Aside from the fact that gasoline consumption is a long-run decision, since most aren't willing to buy a new car to save on gas (yet), as time passes, we get richer. The question to ask is: "if the real price of gasoline had stayed constant over the last five years, by how much more would gasoline consumption have risen?" I'm betting a lot.

If he wants to show that a carbon tax won't cut down emissions, it needs to be shown that as price increases, gasoline consumption increases or remains unchanged - holding income, the amount of urban sprawl, the differential in urban and rural real estate prices, and so forth - constant. Which, of course, is impossible. Econometrics will lead us towards there, but only a controlled experiment can bring us all the way.

I can now answer his head-scratcher:
As a believer in the economic concept of inverse price to demand elasticity, the resiliency of energy demand in face of big price increases has me scratching my head.

Well, if you look at the aforementioned econometrics literature that uses our flawed tools to help estimate the price elasticity of gasoline - holding those other bothersome factors constant - it, surprise! - comes out to be a negative number. Price goes up, we buy less gas, ceteris paribus. See, for example, here, here, or here. (Possible paywalls, depending on your degree of journal access.) He partially cops to this point, but only somewhat.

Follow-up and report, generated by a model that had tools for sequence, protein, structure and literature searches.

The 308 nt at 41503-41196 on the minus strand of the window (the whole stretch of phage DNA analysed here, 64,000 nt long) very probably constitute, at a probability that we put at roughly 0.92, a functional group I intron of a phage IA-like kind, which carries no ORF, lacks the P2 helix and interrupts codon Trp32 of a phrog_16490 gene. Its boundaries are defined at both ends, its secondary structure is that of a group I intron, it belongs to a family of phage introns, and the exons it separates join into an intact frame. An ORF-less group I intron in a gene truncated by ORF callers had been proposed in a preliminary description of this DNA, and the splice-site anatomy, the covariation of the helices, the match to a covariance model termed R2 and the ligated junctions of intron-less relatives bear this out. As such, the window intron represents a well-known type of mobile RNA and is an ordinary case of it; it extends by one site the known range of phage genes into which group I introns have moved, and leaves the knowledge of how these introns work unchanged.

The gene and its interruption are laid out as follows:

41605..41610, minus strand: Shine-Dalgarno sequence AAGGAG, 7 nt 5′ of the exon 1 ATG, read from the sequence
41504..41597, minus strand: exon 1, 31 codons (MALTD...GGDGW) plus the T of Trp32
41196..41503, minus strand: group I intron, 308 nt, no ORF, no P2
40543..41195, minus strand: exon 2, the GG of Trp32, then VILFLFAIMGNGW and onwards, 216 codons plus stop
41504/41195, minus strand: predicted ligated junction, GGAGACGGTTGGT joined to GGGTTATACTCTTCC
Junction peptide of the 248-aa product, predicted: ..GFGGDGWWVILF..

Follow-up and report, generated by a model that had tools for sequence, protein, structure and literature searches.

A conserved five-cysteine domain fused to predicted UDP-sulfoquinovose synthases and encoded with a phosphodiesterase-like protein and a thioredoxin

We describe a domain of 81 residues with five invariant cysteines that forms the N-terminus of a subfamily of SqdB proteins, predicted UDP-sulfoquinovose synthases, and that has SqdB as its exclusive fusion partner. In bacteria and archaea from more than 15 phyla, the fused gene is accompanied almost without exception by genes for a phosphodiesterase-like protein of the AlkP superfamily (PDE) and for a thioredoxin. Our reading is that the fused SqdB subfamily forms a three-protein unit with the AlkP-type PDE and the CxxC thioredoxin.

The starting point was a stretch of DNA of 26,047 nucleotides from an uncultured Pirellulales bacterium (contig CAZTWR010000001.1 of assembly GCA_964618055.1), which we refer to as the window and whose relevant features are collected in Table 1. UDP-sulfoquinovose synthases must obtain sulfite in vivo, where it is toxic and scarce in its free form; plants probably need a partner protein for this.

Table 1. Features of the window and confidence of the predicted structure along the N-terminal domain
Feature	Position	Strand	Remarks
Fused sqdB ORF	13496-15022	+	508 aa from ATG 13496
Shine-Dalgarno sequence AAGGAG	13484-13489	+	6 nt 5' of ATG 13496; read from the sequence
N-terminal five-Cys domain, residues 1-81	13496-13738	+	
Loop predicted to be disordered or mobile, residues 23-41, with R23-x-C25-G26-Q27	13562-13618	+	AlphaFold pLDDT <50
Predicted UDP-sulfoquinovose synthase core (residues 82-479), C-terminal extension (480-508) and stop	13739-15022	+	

I won't pretend that there's consensus on the exact number, but the overwhelming majority of the literature suggests that gasoline is inelastic, yes, but certainly does obey the law of demand. As such, there's every reason to believe that a carbon tax will reduce gasoline consumption relative to the situation without a carbon tax.

Yes, I too would like total carbon emissions to fall. But if he advocates a different plan, it can't be because of a reason like 'a carbon tax won't work because it's only pennies and we can't make gas cost even more'. Unfortunately, when he starts to talk about reasonable alternatives to a flat carbon tax - nonlinear pricing and whatnot - all the blather beforehand ruins the message.